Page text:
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Harper's Encyclopedia of United States History (ed. Benson Lossing), Zinzendorf, Nicolaus Ludwig, Count 1700-1760 (search)
Zinzendorf, Nicolaus Ludwig, Count 1700-1760 Religious reformer; born in Dresden, Saxony, May 26, 1700; son of a leading minister of the electorate of Saxony; was educated at Halle and Wittenberg. When, Nicolaus Ludwig Zinzendorf. in 1720, he received his deceased father's estate from his guardians, he purchased a lordship in Lusatia, and married a sister of the Prince of Reuss. When he was twenty-two years of age he became interested in the discipline and doctrines of the scattered Moravian brethren, invited some of them to settle on his estate, formed statutes for their government, and finally became a bishop among them, and one of their most ardent missionaries. John Wesley passed some time at the home of Zinzendorf, and from him imbibed notions of church organization and a missionary spirit upon which he afterwards acted. He commended singing as a wonderful power in the church. Zinzendorf was consecrated bishop in 1736, travelled over the Continent, visited England, a
s was followed by drawings on blocks in regular sets for separate colors. Albert Durer engraved such blocks; Parmigiano, Titian, and Raffaelle made designs on blocks for the purpose. Jackson started a paper-hanging factory at Chelsea, England, 1720 – 1754, the designs being printed in oil by wooden blocks. He appears to have been unsuccessful in some details and in the speculation. The art was adopted and improved by a succession of persons in England and elsewhere; Skippe and Savage of icity of the atmosphere harmlessly to the earth. It consists of a wire, rod, or slip of metal from the top of a house, tower, steeple, or mast, to the ground, or, better still, a ground-plate or system of buried iron pipes. Gray and Wheler, in 1720-1736, made experiments to ascertain the distance through which electric force could be transmitted, using insulated metals. Gray, in 1729, discovered the properties of electric conductors. He found that the attraction and repulsion which appea
were discovered in 1534. The mines of Brazil in 1728. Those in the Ural in 1829. The great Russian diamond weighs 193 carats; cost, £ 104,166 13 s. 4 d. in 1772. The Pitt diamond weighed 136 carats; sold to the king of France for £ 125,000, in 1720. The Koh-i-noor was found in 1550. It belonged in turn to Shah Jehan, AurungZebe, Nadir Shah, the Afghans, Runjeet-Singh, and Queen Victoria, 1850. It originally weighed 800 carats, was cut down to 289 carats by an unskilful Italian, and then t, and in some other places. Its use is no new thing. The Peruvians before the conquest used guano in the cultivation of the potato, tobacco, corn, and other piants for which Europe is indebted to this side of the Atlantic. An English cruiser in 1720 mentions having captured a small vessel laden with it. The guano-sower is sometimes an attachment to a wheat-drill, and does not differ very materially from a seed-sower, except in devices to keep the stuff stirred up and prevent its becoming a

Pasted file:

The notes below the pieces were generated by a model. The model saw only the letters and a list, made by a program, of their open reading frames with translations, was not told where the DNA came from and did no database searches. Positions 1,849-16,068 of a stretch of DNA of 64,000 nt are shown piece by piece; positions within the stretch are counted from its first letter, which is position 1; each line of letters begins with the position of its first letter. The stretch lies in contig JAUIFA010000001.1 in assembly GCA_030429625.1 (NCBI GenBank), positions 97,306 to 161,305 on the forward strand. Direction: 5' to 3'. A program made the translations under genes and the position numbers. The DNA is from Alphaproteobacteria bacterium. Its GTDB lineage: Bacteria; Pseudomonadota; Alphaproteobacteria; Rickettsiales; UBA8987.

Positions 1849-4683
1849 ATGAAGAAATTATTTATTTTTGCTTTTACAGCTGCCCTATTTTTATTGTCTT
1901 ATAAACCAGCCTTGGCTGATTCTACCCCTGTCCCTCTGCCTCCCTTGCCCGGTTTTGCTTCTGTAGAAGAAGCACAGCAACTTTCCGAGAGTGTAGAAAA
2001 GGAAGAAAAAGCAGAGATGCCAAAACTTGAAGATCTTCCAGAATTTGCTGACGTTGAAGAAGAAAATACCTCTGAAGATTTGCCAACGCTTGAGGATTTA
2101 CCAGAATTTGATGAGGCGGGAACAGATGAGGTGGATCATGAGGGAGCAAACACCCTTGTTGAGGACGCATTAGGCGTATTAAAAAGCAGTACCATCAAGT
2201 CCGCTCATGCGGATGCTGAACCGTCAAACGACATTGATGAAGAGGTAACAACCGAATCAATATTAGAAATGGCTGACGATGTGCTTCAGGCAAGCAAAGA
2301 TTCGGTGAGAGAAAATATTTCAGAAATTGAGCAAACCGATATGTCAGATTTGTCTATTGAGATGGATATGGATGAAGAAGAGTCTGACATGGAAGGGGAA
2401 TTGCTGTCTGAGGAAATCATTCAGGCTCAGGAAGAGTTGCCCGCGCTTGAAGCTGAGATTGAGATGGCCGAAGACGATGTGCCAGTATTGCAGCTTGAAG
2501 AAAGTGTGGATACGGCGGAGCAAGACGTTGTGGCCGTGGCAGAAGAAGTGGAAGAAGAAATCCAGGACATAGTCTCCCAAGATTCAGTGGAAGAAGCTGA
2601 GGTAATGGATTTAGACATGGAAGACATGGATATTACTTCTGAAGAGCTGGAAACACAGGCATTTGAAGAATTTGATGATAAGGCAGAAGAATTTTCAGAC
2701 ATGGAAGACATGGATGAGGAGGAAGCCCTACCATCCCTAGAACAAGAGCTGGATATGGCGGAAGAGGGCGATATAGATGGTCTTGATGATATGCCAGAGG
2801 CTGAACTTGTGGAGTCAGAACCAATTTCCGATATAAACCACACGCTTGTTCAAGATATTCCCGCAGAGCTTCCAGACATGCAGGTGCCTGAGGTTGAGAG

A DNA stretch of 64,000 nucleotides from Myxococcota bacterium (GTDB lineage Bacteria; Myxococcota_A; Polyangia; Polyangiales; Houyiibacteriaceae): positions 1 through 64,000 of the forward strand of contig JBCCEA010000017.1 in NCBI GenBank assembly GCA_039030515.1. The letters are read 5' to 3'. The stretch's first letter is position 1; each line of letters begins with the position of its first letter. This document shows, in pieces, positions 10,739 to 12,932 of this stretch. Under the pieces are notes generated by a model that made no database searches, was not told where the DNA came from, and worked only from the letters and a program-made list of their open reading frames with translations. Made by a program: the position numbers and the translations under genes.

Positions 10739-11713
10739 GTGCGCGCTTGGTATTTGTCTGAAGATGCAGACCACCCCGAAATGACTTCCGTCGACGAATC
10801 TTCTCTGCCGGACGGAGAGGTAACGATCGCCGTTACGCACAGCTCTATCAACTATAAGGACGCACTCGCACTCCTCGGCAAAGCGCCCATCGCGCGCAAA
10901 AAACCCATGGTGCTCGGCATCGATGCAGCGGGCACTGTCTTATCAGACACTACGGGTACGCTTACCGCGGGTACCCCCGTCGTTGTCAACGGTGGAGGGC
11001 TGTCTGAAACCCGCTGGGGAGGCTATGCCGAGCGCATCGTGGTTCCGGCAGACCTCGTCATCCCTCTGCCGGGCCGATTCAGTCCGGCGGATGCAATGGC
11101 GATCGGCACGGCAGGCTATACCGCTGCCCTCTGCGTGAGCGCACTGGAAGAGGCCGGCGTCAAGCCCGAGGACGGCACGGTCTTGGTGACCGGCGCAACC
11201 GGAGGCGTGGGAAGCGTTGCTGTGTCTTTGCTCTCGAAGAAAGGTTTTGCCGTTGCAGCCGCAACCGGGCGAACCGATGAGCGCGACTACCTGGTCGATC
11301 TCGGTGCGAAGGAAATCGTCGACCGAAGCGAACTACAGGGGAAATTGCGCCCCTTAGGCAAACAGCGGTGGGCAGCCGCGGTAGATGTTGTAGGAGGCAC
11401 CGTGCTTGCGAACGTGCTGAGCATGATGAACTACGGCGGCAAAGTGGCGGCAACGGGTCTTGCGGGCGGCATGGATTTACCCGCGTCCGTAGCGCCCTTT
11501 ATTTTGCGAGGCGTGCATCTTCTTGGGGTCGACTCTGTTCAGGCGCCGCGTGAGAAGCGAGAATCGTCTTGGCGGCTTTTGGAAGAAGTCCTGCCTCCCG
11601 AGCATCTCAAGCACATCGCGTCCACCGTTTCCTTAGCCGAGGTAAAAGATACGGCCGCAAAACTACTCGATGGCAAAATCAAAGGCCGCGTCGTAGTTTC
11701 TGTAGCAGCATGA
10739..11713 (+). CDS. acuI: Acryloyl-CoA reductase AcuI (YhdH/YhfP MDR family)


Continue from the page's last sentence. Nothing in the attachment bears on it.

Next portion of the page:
wn as the dulcimer, psaltery, citole lyre, cithara, cymphonia or cymbal, citherium, and harp. See pianoforte. The harpsichord immediately preceded the pianoforte. In the earlier forms of these instruments the number of strings was not equal to that of the keys, but the latter brought into action devices which shortened the strings, in the manner of a guitar. We read of an instrument in 1600 which had a key for each string, but this was unusual at that time. Pedals were introduced 1720; double-action about 1808. 2. A concave grating in a scutching-machine, through which refuse escapes as the cotton is beaten and driven forward by the revolving beater. 3. (Husbandry.) A Scotch grain-sieve for removing weed-seeds from grain. Harp′ing-i′ron. A barbed javelin. The word is derived from its capacity for clawing or grasping. A harpoon. Harp′ings. (Shipbuilding.) a. The wales of the bow, of extra strength. b. A ribband trimmed to the shape of and bolted
cury is used for the bob or weight. As the pendulum expands the mercury rises, and by the rise of its center of gravity compensates for the other inequality. See pendulum. Mercurial pump. Mer-cu′ri-al pump. A pump invented by Haskins in 1720, in which a column of mercury acts as plunger and piston packing. Fig. 3123 shows a pump of this form. a is the chamber of the pump, with a valve at each end opening upwardly. b is the suction-pipe, and c the outlet. A bent tube connects chaof brass which form spouts to conduct the ink from the reservoir to the paper. Mu′sic-print′ing. Music was first printed by types on which the ledger lines were cast. The font displayed all possible variations of character and position. In 1720, music was engraved on plates. Breitkopf's type, 1764, had the ledger lines on separate type. Reinhard printed the ledger lines from engraved plates, and the notes from type at a second pull. Another and more modern plan is to put up the le<